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Analyst Insight: Now that the Eastern European economies have exited the recession (as indicated by recent GDP growth trends), these markets are once again drawing increased interest from investors. And as the region's economies are coming back into spotlight, so are the local supply chains. With such sectors as retail, consumer goods, agribusiness, logistics/distribution and manufacturing among those attracting the most investor attention, supply chain excellence is bound to play a critical role in propelling these economies forward.
--Viktoriya Sadlovska, managing director of Prameya Research
The Eastern European market comprises economies different in size, structure and infrastructure development levels. Hence, supply chain capabilities and management techniques differ significantly throughout the region. In most Eastern European countries, much investment is still needed in the supply chain and distribution infrastructure. However, the differences across countries are significant. While nations like Poland, Hungary, Czech Republic, Slovakia and others have been making large investments in their infrastructure and moving quickly towards meeting the EU standards in supply chain management, their Eastern neighbors (Russia, Ukraine, et al.) are still lagging behind in both logistics infrastructure and SCM expertise development.
There are multiple logistics and distribution challenges for companies trying to compete in countries like Russia, Ukraine, Belarus or Moldova. These include the lack of reliable supply chain infrastructure (roads, rail, distribution center and warehouse facilities, etc.), the lack of logistics management knowledge and strategic approach to SCM, complex regulatory environments, etc. These challenges are fueling the demand for specialized third-party logistics services in the region. Besides the core SCM expertise, such outsourced providers are also likely to have better insight into how to navigate the peculiarities of the often confusing local regulations.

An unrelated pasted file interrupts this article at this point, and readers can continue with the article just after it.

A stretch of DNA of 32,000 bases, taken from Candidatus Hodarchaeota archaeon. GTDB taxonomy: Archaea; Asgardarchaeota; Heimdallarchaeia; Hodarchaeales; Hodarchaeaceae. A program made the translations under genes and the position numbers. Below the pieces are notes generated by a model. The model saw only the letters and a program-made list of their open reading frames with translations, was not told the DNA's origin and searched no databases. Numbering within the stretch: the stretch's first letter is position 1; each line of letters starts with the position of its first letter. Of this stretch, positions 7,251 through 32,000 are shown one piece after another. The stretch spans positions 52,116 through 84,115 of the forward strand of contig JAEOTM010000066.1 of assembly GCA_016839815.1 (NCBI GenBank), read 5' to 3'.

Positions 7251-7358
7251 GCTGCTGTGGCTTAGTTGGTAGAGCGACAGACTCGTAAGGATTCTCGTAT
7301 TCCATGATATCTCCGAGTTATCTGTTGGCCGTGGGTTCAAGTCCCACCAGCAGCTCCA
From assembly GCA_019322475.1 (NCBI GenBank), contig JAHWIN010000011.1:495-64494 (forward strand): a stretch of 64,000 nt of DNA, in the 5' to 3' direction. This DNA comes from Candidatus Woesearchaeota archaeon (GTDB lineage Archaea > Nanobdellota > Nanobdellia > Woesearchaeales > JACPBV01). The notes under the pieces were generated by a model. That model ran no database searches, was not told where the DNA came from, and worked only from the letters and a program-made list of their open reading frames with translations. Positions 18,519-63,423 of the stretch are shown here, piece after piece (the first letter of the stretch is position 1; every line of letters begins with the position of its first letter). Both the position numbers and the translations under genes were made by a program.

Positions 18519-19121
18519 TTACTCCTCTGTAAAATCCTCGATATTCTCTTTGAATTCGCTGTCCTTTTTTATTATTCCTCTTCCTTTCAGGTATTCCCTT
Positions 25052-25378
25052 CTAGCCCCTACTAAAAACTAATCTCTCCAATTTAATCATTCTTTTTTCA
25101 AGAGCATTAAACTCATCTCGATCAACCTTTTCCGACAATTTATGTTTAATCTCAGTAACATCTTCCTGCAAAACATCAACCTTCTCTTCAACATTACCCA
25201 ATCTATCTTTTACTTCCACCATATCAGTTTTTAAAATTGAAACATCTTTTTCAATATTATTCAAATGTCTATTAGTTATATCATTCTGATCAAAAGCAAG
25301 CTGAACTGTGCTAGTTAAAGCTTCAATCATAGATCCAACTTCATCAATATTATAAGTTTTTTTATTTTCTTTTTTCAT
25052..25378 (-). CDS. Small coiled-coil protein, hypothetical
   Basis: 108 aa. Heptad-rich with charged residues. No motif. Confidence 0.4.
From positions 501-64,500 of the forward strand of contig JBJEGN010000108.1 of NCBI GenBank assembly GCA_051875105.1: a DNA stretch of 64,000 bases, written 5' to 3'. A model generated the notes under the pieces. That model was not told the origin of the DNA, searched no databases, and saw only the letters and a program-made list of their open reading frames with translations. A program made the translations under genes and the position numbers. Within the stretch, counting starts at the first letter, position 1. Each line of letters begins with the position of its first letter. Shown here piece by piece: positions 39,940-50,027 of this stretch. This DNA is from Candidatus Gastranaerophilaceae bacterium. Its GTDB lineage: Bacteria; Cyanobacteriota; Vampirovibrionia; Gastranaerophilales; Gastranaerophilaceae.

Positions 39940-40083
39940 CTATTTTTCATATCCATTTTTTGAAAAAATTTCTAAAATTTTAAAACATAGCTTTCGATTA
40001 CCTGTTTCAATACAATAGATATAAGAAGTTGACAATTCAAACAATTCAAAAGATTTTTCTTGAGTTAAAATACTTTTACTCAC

Today, most local companies in countries like Russia, Ukraine, Belarus or Moldova do not have an integrated view of SCM and tend to view its functions in silos. Manufacturers, distributors and retailers operating in these markets can reap significant competitive benefits by taking an integrated view of SCM and investing into building supply chain excellence internally.
There are sizable opportunities for development not only in regional supply chain infrastructure and knowledge, but also in enabling software and automation technologies throughout the value chain. A growing number of local software firms are offering SCM solutions, and global software players like Oracle, SAP and JDA have already established regional presence. Local branches or suppliers of multinational companies are driving increased awareness of the benefits of SCM software solutions, as these are often mandated by the global parent or partner company.
Over the next decade, supply chain infrastructure, SCM techniques and knowledge, as well as the market for supporting SCM products, software and services in Eastern Europe are poised for strong growth. Companies that have a long-term vision of having a presence in this region should invest in their local supply chain capabilities today.
There is significant room for development in Eastern European supply chain infrastructure -- the entire value chain in countries like Russia, Ukraine, Belarus or Moldova requires modernization. But almost as important as infrastructure development is the development of SCM knowledge and human resources. Companies that want to succeed in this market in the long term need to begin growing their locally relevant capabilities today, including adopting an integrated view of SCM and investing in knowledge development and automation.
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